What Computers Will Never Do

The Age of Spiritual Machines: When Computers Exceed Human Intelligence

Here is a reply from a computer scientist to my recent post about Ray Kurzweil‘s book. My brief reply is at the bottom.

There is a limit to computer intelligence arising from its database. Human beings require at least 18 years of experiences in order to learn the minimal requirements of an adult Homo sapiens. Moreover, they continue to learn throughout their lives, so that by the time they are our age, they’re just as brilliant as you and I are.

It is impossible to code a life experience into a computer database. To develop that life experience, a computer would have to live a human life. Moreover, it would have to do so with the emotional structures of a human being …

A computer in the future could probably store a life’s worth of such data, but how could it interpret it? The human brain regularly cleans out the meaningless crap of our daily lives … That’s what sleep is for — not resting our muscles but cleaning the garbage out of our minds. But how is a computer to know what to keep and what to throw away?

I think that Mr. Kurzweil is overly optimistic regarding the potential of computer technology. His direct comparison of computers to brains is erroneous. An automobile chassis with an engine is not the same thing as a pair of legs. A camera is not at all the same thing as the human eye. And a computer is not at all the same thing as a brain … [but] you’d never use a computer to decide whether to fall in love.

Technology will NEVER replace our biological faculties for certain tasks because those tasks will often be too closely tied to our entire biological processes to be taken over by technology. The most extreme example of this is provided by sexual interaction. I think we can all agree that the thought of making love to a robot is simply absurd …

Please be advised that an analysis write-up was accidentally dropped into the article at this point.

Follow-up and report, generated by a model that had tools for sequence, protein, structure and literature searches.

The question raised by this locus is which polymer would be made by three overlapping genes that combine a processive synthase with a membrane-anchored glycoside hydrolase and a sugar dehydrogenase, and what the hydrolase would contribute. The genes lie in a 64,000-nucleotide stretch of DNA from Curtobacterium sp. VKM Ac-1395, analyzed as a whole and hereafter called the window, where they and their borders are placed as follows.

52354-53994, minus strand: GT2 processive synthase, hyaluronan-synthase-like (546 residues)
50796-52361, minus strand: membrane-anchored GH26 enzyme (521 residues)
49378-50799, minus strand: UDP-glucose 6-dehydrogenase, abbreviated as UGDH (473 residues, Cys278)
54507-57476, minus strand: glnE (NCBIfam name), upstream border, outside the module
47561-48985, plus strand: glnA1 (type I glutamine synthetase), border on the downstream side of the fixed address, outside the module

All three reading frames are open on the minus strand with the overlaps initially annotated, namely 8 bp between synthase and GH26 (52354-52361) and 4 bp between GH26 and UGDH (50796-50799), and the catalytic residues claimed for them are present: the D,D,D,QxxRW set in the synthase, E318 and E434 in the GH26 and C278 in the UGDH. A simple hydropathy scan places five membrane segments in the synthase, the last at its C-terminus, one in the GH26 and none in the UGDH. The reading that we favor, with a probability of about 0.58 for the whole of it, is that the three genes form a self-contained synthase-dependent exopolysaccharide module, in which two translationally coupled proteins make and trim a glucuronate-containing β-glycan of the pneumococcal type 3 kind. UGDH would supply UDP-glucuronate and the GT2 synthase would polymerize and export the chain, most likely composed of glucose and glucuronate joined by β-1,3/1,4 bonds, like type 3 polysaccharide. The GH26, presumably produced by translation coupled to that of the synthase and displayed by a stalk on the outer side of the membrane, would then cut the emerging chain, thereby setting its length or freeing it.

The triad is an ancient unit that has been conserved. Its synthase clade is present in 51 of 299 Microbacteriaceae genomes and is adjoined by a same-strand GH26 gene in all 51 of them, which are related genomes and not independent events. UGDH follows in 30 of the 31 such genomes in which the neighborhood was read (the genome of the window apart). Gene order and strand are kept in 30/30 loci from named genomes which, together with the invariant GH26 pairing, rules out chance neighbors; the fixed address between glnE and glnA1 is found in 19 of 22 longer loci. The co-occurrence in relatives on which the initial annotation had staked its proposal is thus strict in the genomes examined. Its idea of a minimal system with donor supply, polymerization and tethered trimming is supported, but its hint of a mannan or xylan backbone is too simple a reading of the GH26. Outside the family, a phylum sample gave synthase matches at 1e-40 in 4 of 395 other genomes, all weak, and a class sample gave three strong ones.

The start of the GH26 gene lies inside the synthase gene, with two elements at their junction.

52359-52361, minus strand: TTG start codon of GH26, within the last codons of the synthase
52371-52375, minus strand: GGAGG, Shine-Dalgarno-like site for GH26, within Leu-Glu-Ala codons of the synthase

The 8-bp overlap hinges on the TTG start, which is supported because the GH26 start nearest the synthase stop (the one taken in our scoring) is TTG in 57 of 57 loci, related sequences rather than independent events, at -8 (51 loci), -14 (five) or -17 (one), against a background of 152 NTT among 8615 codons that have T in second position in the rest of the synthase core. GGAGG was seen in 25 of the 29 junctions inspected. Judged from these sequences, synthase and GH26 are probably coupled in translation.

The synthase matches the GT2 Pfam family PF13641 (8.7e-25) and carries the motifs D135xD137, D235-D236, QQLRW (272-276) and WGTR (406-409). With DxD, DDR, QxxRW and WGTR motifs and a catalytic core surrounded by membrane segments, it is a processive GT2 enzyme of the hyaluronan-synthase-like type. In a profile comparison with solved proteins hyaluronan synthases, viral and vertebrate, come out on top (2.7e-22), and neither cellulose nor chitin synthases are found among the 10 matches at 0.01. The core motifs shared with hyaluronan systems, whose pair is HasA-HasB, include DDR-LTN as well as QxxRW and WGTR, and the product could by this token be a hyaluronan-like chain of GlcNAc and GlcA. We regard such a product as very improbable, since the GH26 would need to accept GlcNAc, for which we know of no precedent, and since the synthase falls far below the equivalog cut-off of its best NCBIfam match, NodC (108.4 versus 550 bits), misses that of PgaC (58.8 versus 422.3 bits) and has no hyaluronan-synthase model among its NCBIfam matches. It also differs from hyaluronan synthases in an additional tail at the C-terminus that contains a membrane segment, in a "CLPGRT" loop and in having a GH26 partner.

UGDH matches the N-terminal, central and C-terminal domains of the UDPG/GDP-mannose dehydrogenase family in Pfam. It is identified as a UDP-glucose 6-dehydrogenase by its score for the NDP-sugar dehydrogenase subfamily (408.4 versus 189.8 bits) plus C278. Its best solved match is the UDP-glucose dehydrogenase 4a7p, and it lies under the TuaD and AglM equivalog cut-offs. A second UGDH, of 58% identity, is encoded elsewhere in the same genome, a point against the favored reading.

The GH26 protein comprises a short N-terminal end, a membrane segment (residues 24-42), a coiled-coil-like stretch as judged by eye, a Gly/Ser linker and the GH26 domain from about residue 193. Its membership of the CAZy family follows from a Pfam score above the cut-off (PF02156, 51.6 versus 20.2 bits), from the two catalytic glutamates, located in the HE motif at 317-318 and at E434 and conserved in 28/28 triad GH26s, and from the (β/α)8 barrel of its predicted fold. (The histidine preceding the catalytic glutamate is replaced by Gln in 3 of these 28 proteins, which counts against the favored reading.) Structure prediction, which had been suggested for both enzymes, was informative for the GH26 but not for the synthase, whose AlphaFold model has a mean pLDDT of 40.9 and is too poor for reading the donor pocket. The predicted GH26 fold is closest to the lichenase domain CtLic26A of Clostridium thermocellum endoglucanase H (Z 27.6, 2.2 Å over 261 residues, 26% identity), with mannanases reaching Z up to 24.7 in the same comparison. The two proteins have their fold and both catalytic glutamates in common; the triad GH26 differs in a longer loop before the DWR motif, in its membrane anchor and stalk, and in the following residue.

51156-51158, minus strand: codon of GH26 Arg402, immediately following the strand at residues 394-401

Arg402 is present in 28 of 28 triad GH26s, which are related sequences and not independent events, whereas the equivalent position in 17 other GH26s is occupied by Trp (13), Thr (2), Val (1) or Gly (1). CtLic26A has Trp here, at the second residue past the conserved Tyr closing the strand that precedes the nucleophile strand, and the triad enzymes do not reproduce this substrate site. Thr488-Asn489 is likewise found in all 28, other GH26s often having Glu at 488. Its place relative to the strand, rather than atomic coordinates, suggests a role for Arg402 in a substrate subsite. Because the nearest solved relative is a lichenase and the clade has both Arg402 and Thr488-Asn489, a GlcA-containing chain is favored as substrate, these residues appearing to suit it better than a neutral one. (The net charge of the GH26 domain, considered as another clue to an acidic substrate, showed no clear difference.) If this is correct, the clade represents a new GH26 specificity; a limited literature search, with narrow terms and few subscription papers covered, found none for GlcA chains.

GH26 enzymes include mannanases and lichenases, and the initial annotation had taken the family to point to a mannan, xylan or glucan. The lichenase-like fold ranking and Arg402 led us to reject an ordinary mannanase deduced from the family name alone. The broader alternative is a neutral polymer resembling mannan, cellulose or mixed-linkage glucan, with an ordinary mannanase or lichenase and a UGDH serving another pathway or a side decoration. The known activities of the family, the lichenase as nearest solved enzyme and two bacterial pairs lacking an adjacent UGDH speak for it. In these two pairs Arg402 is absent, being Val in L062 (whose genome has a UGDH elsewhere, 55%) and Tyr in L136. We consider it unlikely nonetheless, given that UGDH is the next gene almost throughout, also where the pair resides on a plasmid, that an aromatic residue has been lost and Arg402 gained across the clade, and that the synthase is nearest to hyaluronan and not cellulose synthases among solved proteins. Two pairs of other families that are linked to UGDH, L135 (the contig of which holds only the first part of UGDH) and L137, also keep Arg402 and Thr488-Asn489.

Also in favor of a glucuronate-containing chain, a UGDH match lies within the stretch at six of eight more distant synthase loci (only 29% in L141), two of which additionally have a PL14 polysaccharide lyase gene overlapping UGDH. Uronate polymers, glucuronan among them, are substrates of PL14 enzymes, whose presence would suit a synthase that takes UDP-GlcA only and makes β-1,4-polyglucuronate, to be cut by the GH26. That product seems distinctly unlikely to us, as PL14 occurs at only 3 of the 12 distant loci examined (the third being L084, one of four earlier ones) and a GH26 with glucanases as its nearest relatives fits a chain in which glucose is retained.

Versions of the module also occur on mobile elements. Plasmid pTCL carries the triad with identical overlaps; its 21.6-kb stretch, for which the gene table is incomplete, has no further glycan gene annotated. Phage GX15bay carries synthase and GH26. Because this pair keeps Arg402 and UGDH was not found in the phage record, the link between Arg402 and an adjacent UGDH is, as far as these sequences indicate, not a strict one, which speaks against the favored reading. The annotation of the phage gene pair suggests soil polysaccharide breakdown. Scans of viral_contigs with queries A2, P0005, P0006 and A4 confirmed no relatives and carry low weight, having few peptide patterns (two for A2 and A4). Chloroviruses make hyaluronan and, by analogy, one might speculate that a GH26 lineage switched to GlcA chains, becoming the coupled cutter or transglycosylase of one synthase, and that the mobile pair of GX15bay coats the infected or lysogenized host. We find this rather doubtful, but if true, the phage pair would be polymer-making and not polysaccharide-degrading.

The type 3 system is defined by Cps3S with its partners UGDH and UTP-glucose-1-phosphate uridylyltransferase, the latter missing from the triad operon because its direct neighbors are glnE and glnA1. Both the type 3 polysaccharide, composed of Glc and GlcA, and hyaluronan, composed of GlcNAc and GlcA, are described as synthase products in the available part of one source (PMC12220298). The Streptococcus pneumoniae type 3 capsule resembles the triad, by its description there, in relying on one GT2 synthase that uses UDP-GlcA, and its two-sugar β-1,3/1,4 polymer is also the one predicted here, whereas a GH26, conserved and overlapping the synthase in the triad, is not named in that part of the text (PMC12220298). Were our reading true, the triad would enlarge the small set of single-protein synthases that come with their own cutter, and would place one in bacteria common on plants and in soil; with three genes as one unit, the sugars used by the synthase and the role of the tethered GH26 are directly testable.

Sure, there’s plenty of room for further advances … Yet few of these things will be anywhere near as revolutionary as the desktop computer and the smartphone were in their early years. Fewer people will rush out to buy the latest techie toy …

Nevertheless, I shall never have a deep conversation with any computer. Your philosophical musings on this blog will never be replaced by a computer’s thoughts. Computers will become smarter, but they’ll never be wise.

Brief Reflections

There is a lot to say about all this but here are a few thoughts. I’m not comfortable with saying machines will never be able to do this or that. A well-designed robot may not be a perfect human replica, but if it does what humans do it is similar enough for me to consider it conscious and worthy of moral and legal protection. In fact, good robots will probably be superior to us—think Mr. Data from Star Trek.

Kurzweil has an entire section on robot sex but let’s just say that it is easy enough to imagine having better sex if we are our partners were sexually upgraded. As for deep conversation, I’d prefer to converse with an AI rather than with most human beings. And I believe that minds can run on substrates besides carbon-based brains.

The University of Oxford philosopher Nick Bostrom defines superintelligence as “an intellect that is much smarter than the best human brains in practically every field, including scientific creativity, general wisdom and social skills”.[1]  I don’t know whether we create such intelligence, or whether they will emerge on their own, but I think the survival of life on earth depends on intellectual enhancement. And, with oceans of time for future innovation almost anything is possible–including the emergence of superintelligence.